Rapist who was allowed to stay in care home attacked dementia victim, court hears
A convicted rapist sexually assaulted a woman with dementia after he was allowed to live in a care home despite his shocking criminal history, a court heard yesterday.
Care home manager Katie Daysley was told he was a registered sex offender who had served jail time and had a history of sex attacks, violence and drug taking.
But instead of being moved out of the residential home in Hull specialising in the care of elderly people with dementia, Robert Carpenter was allowed to stay.
No plan was put in place to protect other residents, Beverley magistrates’ court was told.
Instead of being moved out of the residential home in Hull specialising in the care of elderly people with dementia, Robert Carpenter was allowed to stay (stock image)
After six months living in the home, and five days after it was visited by a police officer checking up on him, Carpenter was found committing a sex assault on an elderly woman resident with advanced dementia.
He was later convicted for an offence of engaging in sexual activity with a person with a mental disorder.
Yesterday Miss Daysley, 41, of Hull, went on trial after denying a charge under the Health and Social Care Act 2008 of failing to protect a service user from abuse and improper treatment resulting in avoidable harm.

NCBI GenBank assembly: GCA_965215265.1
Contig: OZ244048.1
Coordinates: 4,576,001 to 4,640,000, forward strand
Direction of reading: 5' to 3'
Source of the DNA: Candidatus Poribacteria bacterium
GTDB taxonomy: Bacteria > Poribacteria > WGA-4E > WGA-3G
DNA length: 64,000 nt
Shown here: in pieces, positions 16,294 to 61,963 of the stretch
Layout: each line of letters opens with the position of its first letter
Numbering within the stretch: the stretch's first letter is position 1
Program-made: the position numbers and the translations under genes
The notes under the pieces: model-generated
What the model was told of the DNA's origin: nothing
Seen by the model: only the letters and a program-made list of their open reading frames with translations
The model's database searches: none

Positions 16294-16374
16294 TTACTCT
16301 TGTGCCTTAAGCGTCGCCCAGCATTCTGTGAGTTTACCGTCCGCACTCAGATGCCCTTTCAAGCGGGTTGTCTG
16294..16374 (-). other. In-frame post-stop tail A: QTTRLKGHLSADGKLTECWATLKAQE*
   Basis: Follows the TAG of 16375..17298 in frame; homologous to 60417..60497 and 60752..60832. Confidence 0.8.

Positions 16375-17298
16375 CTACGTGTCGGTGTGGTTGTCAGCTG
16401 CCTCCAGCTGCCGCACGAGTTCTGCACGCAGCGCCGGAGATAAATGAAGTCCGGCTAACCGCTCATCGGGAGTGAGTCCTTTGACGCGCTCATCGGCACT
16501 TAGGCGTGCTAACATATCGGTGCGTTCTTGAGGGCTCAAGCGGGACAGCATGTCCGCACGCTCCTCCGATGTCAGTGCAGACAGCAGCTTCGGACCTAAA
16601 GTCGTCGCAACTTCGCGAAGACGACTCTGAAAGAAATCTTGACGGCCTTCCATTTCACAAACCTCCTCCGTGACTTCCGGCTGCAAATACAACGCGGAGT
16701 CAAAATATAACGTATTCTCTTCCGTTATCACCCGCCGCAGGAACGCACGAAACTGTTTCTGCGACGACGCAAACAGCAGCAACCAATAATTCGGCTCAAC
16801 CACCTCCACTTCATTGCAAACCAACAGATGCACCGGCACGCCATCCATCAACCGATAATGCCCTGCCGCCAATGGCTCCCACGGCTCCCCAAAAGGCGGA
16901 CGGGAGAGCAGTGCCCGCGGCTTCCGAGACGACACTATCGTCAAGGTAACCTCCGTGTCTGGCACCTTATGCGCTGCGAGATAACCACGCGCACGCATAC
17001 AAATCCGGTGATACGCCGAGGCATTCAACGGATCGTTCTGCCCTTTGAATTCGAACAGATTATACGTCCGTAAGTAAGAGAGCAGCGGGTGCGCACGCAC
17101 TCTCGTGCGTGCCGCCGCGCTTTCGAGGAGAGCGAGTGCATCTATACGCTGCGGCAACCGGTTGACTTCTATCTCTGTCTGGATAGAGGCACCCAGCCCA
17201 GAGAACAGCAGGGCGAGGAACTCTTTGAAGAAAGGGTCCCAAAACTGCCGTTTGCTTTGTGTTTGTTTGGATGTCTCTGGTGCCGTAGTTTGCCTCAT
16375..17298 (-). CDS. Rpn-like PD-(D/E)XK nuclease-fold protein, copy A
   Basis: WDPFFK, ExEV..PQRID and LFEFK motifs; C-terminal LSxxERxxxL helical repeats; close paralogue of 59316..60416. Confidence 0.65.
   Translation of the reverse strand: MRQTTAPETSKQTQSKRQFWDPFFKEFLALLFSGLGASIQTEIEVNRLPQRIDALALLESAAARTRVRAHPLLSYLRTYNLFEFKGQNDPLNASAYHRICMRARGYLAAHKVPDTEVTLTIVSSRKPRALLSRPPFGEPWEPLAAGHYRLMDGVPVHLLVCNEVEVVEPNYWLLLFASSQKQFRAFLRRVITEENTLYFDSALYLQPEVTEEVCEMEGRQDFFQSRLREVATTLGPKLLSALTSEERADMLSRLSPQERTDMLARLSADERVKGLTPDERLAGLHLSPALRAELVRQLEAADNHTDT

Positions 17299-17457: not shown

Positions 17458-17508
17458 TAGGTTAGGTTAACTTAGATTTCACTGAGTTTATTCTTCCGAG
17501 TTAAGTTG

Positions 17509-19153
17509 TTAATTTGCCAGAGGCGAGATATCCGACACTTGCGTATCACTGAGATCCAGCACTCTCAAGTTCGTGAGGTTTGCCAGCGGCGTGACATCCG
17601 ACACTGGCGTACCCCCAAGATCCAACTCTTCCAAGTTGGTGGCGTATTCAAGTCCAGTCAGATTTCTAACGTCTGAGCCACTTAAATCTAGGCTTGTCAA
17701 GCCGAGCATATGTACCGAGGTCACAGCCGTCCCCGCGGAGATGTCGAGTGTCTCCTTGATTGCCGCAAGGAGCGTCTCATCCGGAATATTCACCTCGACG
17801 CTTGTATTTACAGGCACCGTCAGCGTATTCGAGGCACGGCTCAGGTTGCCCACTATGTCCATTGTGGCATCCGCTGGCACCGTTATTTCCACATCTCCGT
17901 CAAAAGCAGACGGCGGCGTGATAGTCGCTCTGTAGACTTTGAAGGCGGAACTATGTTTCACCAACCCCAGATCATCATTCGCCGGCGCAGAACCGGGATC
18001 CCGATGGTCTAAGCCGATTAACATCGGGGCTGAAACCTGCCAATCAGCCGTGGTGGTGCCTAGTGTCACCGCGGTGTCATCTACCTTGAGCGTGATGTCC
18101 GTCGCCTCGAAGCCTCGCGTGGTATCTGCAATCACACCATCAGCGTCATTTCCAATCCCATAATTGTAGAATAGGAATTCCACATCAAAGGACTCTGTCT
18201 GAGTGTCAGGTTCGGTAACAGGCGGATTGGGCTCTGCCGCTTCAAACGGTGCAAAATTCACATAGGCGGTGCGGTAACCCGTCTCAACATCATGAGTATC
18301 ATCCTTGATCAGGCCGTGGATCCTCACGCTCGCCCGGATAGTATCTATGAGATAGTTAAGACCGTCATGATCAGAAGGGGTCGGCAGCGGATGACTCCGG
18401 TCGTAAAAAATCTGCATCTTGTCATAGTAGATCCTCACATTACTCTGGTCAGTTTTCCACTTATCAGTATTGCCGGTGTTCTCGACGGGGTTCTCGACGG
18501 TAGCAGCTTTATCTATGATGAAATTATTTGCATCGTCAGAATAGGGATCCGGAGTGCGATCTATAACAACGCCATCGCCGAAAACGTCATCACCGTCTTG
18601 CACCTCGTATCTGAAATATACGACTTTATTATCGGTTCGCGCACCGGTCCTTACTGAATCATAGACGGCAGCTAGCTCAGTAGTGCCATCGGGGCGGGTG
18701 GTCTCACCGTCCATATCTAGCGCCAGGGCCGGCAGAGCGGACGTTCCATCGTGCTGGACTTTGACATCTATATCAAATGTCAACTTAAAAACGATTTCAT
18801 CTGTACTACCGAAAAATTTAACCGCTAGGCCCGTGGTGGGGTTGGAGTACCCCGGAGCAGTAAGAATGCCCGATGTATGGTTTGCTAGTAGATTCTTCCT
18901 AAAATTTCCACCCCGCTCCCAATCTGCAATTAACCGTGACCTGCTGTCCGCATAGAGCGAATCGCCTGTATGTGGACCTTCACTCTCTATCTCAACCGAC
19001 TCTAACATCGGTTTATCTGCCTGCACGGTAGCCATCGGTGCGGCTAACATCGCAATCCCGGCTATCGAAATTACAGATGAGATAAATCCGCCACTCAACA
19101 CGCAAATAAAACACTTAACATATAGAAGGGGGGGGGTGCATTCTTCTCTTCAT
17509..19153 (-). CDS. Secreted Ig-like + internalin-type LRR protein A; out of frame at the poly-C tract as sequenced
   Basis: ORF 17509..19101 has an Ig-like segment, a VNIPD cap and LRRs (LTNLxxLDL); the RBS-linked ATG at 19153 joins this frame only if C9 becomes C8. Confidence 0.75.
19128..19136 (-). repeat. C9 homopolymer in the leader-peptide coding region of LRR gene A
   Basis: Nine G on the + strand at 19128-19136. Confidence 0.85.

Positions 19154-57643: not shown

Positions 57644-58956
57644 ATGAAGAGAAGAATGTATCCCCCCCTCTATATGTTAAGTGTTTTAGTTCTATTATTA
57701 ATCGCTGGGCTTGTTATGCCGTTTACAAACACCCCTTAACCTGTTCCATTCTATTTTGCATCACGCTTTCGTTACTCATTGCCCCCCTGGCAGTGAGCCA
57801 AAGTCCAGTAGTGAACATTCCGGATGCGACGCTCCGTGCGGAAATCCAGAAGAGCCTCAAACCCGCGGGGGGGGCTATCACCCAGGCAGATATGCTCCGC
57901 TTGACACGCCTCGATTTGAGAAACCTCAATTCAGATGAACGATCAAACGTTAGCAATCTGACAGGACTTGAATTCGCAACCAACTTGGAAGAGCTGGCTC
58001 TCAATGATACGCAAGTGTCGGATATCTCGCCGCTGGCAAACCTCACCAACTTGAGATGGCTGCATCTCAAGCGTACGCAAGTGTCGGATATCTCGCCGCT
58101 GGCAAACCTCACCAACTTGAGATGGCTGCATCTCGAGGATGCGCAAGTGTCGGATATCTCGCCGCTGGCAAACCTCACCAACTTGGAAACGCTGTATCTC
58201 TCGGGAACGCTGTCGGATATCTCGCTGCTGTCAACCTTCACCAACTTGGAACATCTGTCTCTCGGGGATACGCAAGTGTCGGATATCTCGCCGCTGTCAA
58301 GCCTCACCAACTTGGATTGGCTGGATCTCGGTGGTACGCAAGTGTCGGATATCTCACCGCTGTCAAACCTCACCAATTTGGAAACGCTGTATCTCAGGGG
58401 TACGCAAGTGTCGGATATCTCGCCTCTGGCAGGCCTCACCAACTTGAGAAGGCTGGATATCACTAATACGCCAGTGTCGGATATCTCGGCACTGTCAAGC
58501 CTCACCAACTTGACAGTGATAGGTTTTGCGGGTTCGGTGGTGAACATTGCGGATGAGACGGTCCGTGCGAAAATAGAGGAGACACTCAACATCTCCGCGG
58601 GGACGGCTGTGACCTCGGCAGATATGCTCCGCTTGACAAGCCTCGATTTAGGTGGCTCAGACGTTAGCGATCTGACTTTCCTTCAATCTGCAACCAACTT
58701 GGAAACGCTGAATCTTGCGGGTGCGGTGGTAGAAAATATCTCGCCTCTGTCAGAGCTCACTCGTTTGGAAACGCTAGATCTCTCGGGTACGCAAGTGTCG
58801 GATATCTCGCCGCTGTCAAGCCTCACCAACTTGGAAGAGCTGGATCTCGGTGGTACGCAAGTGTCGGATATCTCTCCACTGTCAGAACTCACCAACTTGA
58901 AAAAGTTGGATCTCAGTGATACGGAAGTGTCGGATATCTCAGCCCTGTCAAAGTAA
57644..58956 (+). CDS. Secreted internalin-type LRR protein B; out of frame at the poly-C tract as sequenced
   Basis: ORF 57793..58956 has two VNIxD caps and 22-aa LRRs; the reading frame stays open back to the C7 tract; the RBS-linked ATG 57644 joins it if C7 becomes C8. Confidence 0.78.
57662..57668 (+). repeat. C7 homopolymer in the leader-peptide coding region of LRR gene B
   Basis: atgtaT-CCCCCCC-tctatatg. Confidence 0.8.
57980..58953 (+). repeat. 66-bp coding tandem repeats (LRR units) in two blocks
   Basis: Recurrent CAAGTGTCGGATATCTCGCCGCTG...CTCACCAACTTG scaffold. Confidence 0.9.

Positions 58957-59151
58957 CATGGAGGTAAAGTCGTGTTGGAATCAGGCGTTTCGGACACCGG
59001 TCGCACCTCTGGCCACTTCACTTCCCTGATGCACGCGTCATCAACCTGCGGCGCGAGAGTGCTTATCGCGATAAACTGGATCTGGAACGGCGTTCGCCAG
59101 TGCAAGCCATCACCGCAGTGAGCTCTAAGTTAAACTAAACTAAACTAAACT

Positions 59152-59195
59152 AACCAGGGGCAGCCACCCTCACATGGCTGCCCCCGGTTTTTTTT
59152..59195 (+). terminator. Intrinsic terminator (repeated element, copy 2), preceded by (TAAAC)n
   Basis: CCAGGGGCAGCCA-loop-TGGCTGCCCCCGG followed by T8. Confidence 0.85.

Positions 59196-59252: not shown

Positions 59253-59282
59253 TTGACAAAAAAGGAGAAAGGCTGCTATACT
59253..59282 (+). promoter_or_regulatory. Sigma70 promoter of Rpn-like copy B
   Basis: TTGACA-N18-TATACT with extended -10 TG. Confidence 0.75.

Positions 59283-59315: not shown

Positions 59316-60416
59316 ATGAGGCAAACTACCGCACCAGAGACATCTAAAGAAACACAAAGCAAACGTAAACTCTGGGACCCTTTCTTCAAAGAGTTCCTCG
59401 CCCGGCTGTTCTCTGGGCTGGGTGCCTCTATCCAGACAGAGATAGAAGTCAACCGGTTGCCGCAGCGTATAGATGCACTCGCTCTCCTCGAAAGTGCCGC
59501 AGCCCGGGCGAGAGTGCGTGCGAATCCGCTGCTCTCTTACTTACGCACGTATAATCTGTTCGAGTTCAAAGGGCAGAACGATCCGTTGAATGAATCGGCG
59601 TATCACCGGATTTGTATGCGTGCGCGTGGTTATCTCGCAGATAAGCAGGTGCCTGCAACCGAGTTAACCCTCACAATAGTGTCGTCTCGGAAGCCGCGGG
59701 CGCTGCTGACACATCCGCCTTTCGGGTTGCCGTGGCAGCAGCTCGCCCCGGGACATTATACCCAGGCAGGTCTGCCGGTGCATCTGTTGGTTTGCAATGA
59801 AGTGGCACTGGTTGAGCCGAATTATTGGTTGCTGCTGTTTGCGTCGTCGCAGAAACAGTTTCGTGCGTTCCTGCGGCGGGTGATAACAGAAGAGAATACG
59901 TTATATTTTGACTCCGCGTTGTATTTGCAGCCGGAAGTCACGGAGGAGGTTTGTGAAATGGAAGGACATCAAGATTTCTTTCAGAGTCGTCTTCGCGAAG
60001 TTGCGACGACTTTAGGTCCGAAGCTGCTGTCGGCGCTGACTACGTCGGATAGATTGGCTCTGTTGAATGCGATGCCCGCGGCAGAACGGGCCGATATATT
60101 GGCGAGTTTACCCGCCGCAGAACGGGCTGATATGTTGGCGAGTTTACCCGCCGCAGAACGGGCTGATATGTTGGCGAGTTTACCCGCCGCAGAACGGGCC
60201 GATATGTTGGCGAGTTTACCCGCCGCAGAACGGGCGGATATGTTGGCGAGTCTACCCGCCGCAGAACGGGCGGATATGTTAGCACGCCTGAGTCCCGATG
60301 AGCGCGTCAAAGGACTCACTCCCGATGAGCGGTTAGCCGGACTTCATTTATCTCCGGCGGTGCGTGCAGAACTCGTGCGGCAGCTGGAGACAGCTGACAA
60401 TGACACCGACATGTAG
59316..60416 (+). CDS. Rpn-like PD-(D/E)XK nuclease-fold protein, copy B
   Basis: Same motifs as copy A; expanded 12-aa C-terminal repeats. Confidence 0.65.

The home’s owner the HICA Group pleaded guilty to a similar offence of failing to protect service users from abuse. Jemima Stephenson, prosecuting for the Care Quality Commission, said Carpenter, now 68, was accepted into the care home for short-term respite care in January 2018 after being found by council officials living in appalling conditions and suffering from burns as a result of self-electrocution.
He told officials his criminal past was jail time for a drug-related stabbing.
In April 2018, social worker Claire Stewart discovered he had in fact served three jail terms with convictions for criminal damage, assault, wounding, grievous bodily harm and sexual assaults.
Care home manager Katie Daysley was told he was a registered sex offender who had served jail time and had a history of sex attacks, violence and drug taking
In March 1979, he had targeted a woman walking home from work, forcing a scarf into her mouth to stop her screaming before breaking her jaw, raping her and throwing her over a fence. He was arrested in 2009 following a cold case review of forensic evidence and later jailed for 18 months.
Mrs Stewart said she immediately told Miss Daysley of his full criminal history, realising there was a strong ‘public interest’ concern. A deputy manager was also given details of his criminal past, the court heard. The court was told that Miss Daysley failed to carry out a full risk assessment or implement ‘adequate mitigating steps’ to deal with the ‘very clear risk’.
She left her job in May 2018, a month before Carpenter’s ‘serious sex assault’.
A Hull City Council safeguarding manager said her department, which referred Carpenter to the care home, found out about his rape conviction only after the sex assault. Had they known earlier they would probably have recommended he be ‘moved out’, the court heard.
The case continues.